Top Of Page
Auditions

Actors Dance Studio , Brunswick Pike, Lawrenceville, seeks

adult male and female actors ages 20 to 60 for a full-length original

play directed by Steve Gaissert. Performance dates are in June. For

audition appointment on Saturday, April 7, or Monday, April 9, call

609-637-0078.

Villagers Theater 475 DeMott Lane, Somerset, has auditions

for Terrence McNally’s "Master Class," about opera diva Maria

Callas reminiscing about her life while instructing a master class

in opera. Directed by Michael Driscoll, all roles are open; readings

will be from the script. Auditions are Tuesday and Wednesday, April

10 and 11, at 7:30 p.m. in the Villages Theater, call 732-873-2710.

Top Of Page
Call for Entries

The Kelsey Review accepts short fiction, poetry, essays,

samplings of novels, black and white line drawings, and cartoons from

writers or artists who live or work in Mercer County. The Review is

published annually and is distributed free to libraries and

bookstores.

Deadline is Tuesday, May 1. Call Robin Schore, editor, at 609-586-4800

extension 3326.

Garden State Horror Writers is accepting entries for its

second annual T-Shirt illustration contest. The winning artwork will

appear on all GSHW shirts and sweatshirts in 2001 and 2002 and the

winner will receive $100 prize and a shirt. Entries must be black

and white line art that is easily reproduced and should be no larger

than nine by twelve inches. Deadline is Thursday, May 31. Entries

should be sent to Garden State Horror Writers Illustration Contest,

Box 6476, East Brunswick 08816 with a self-addressed stamped envelope

and entry fee of $7. Call 609-443-3438.

Saint Peter’s University Hospital’s Health Center for

Women

seek entries of painting, drawing, photography, sculpture, prose,

poetry, or other non-performance creative media to promote breast

cancer awareness. The works should express your own experience of

breast cancer or be dedicated to someone you know who has been touched

by breast cancer. The Art Show and reception will be help on Friday

through Sunday, October 12 through 14, at Saint Peter’s Sister Marie

dePazzi Conference Center. Contact Charlotte Shipley at 721-745-6680

before Thursday, May 31.

Top Of Page
Faith

Jewish Family and Children’s Service of Greater Mercer

County

has funds available to assist families with Passover expenses.

Families

in need are asked to contact the agency at 609-987-8100. Requests

are made to the agency’s professional staff and the confidentiality

of recipients is assured.

Top Of Page
Participate Please

Lawrence Road Presbyterian Church Nursery School seeks

flea market vendors for the annual spring flea market on Saturday,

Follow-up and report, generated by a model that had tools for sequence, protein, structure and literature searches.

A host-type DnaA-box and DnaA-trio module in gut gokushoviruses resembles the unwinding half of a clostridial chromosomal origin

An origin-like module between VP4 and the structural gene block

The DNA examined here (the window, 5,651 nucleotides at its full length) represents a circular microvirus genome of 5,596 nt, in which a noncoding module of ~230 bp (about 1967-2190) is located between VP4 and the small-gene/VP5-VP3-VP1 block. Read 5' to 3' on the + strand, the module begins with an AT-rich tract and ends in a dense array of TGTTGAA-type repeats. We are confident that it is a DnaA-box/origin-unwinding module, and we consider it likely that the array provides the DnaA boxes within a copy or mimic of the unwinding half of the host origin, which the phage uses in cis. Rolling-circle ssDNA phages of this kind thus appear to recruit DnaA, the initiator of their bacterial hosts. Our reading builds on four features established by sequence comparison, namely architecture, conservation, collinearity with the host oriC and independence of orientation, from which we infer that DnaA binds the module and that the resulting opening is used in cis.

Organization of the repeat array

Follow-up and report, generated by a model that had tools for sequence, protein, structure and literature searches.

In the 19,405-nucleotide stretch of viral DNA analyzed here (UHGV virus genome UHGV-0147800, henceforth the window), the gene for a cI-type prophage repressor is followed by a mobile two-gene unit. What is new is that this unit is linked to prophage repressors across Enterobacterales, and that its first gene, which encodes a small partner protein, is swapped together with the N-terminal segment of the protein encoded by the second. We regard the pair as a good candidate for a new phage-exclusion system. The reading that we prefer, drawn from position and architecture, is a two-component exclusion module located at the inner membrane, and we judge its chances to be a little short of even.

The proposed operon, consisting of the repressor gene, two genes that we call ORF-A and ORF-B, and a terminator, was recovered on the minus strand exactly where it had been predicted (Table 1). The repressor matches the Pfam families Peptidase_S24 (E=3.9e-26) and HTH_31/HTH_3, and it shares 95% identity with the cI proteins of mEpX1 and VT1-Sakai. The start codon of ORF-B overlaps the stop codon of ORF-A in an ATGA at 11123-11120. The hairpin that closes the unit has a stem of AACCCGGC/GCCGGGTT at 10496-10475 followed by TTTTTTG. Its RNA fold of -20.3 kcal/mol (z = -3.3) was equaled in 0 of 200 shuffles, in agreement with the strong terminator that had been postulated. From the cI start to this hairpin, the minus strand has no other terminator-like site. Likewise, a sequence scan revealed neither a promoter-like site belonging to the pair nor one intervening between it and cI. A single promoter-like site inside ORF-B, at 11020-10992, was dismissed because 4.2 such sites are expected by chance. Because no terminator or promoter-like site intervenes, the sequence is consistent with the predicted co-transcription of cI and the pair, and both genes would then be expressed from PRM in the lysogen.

April 28. $15 fee includes a table from 8 a.m. to 1 p.m. Call Donna

at 609-771-0685.

The Arts Council of Princeton seeks crafters, food or

merchandise vendors, non profit organizations. or local performer

interested in taking part in the community=based festival

Communiversity

on Saturday, April 28 from noon to 4 p.m. Call 609-924-8777.

Top Of Page
Donations

2001 Fete Odyssey welcomes donations of furniture,

clothing,

linens, housewares, silver, china, art, patio furniture, furs, sports

equipment, antiques, rugs, jewelry, and collectibles. Working

refrigerators

are also needed to be used on the fields during the event. Cancer

care at the Medical Center at Princeton will benefit from the 48th

annual June Fete Auxiliary Benefit. to be held at the Princeton

University’s

playing fields on Washington Road in West Windsor, on Saturday, June

16. Call 609-497-4069.

Top Of Page
Trips

Burlington County Historical Society bus trip to view

the 40th Annual Philadelphia Antiques Show is on Tuesday, April 10,

with the bus leaving from the historical society on High Street at

8:45 a.m. $60 includes transportation, guided tour, box lunch, and

catalog. Call 609-386-4773.

Rabbi David Wolf Silverman will act as

"Scholar-in-Residence"

on a two-week tour of Eastern Europe focusing on Jewish heritage and

culture of Prague, Krakow, Warsaw, Vilnius, and Riga. Professional

local tour guide will lead the group from the Princeton area. Complete

itineraries and enrollment forms are available through Class A Travel,

425 Wall Street, Princeton or call 609-497-0011.

Friends of the New Jersey State Museum sponsor a

scientific

collecting expedition to China to visit the famous fossil sites at

Sihetun. Hailu You of University of Pennsylvania and the Beijing

Institute

of Vertebrate Paleontology is the guide on the trip from Monday, July

23, through Friday, August 3. Call 609-394-5310.